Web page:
Domains represent a crucial and vital part of the attack surface our organizations expose. A DNS (“Domain Name System”) is a central part of every organization and can essentially be considered as a directory of all things accessible, pointing our computer systems to which IP address responsible for serving up functionality, applications and support to our users and customers.
Attackers consider domains and DNS as a treasure trove of information. What do YOU have that THEY might find interesting to attack? Our threat actors often look for what we, in River Security, call the path least travelled. You know, those systems nobody else has found, which our organization might have forgotten about, that are without governance, patch management and other security controls.
DNS contain a directory of what companies seek to offer their users and customers, River Security tries their best to always stay on top of what your directory holds. What new systems do you provision? What old systems can we find references too? All in all with the goal of continuously stay on top of the attack service and provide offensive services, as fast and accurately as possible, to wherever risk might surface.
DNS Points to Resources – Resources Hold Value
The DNS Value Chain for attackers looke like this:
- DNS Names are found
- Names Resolve to IP Adresses, IPv4 or IPv6
- IP Addresses may have opening in the firewall, exposing network services hosted on TCP and UDP
- These network services have applications, which may have vulnerabilties and value for attackers.
This is attack surface of which must be assessed by offensive security engineers to ensure risk can be uncovered and addressed before threat actors can.
It is all about proactively, from an offensive and penetration testing point of view, be able to quickly assess our customers new and existing attack surface. A pro-active and agile approach to security. This continuous approach to penetration testing is truly the bleeding edge of how traditional penetration testing is evolving into a new and better format.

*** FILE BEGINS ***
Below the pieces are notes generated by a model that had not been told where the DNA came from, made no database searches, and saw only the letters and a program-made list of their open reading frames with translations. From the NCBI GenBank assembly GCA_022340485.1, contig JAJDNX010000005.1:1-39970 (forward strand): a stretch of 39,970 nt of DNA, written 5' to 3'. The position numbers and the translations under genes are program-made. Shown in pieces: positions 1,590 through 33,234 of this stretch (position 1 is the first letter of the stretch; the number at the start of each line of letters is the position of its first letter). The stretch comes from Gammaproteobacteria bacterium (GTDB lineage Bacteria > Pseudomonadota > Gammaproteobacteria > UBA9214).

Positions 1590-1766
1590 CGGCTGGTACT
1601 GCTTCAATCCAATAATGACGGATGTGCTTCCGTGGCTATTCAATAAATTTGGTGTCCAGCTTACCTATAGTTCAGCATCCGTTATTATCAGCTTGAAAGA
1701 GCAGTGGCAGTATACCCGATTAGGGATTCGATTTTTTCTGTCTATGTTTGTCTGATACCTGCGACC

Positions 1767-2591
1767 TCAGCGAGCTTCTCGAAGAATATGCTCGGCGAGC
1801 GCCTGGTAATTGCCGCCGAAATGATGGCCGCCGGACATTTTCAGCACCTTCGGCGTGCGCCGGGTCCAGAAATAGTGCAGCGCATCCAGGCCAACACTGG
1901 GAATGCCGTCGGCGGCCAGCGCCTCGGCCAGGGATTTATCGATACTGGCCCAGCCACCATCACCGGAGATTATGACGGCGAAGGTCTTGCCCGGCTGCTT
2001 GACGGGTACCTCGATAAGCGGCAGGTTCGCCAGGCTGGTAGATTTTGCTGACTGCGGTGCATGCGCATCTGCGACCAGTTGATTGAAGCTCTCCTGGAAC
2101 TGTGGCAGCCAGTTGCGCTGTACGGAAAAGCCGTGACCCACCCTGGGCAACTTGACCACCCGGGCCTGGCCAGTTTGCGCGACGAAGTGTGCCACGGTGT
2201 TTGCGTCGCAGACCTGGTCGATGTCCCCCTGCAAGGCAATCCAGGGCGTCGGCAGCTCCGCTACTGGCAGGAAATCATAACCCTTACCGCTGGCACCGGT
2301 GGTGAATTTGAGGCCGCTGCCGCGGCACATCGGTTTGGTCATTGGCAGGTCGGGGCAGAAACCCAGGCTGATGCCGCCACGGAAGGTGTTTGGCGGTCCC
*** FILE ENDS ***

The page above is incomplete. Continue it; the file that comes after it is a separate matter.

We use many techniques to ensure we get one step ahead of our threat actors, some in cooperation with our customer where they essentially notify River Security about the latest development.
Discovering, Assessing and Reporting on Vulnerabilities
There are multiple ways of discovering interesting domain names to attack. The most common way is to brute-force DNS servers using wordlists containing interesting names. For example, imagine we ask the DNS server for all things related River Security, we could walk through a list of possible names like this:
- Do you have customer1.riversecurity.eu?
- What about admin.riversecurity.eu?
- Anything at ftp or sftp.riversecurity.eu?
These questions are automated and range in tens of thousands to millions in certain cases; attackers looking for anything pointing to IP addresses they can then proceed to scan and attack.
CT Logs – Certificate Transparency
An extremely useful area for getting real time domain data on a customer is from Certificate Transparency Logs. These logs are updated in real time by Certificate Authorities and contain all the names of certificates representing your organization. River Security monitor these logs in real-time, but we don’t just look for your domains, we look for your brand. Instead of looking for say riversecurity.eu, we look for riversecurity. This enables us to find a lot more information than just what we know the customer manages, for example we are able to often find phishing domains and shadow IT. Identifying phishing domains in such an early stage of the attackers kill chain allows us to proactively block them in the firewall, kicking the legs of from underneath the attackers before they even got their attacks launched! Proactivity for the win!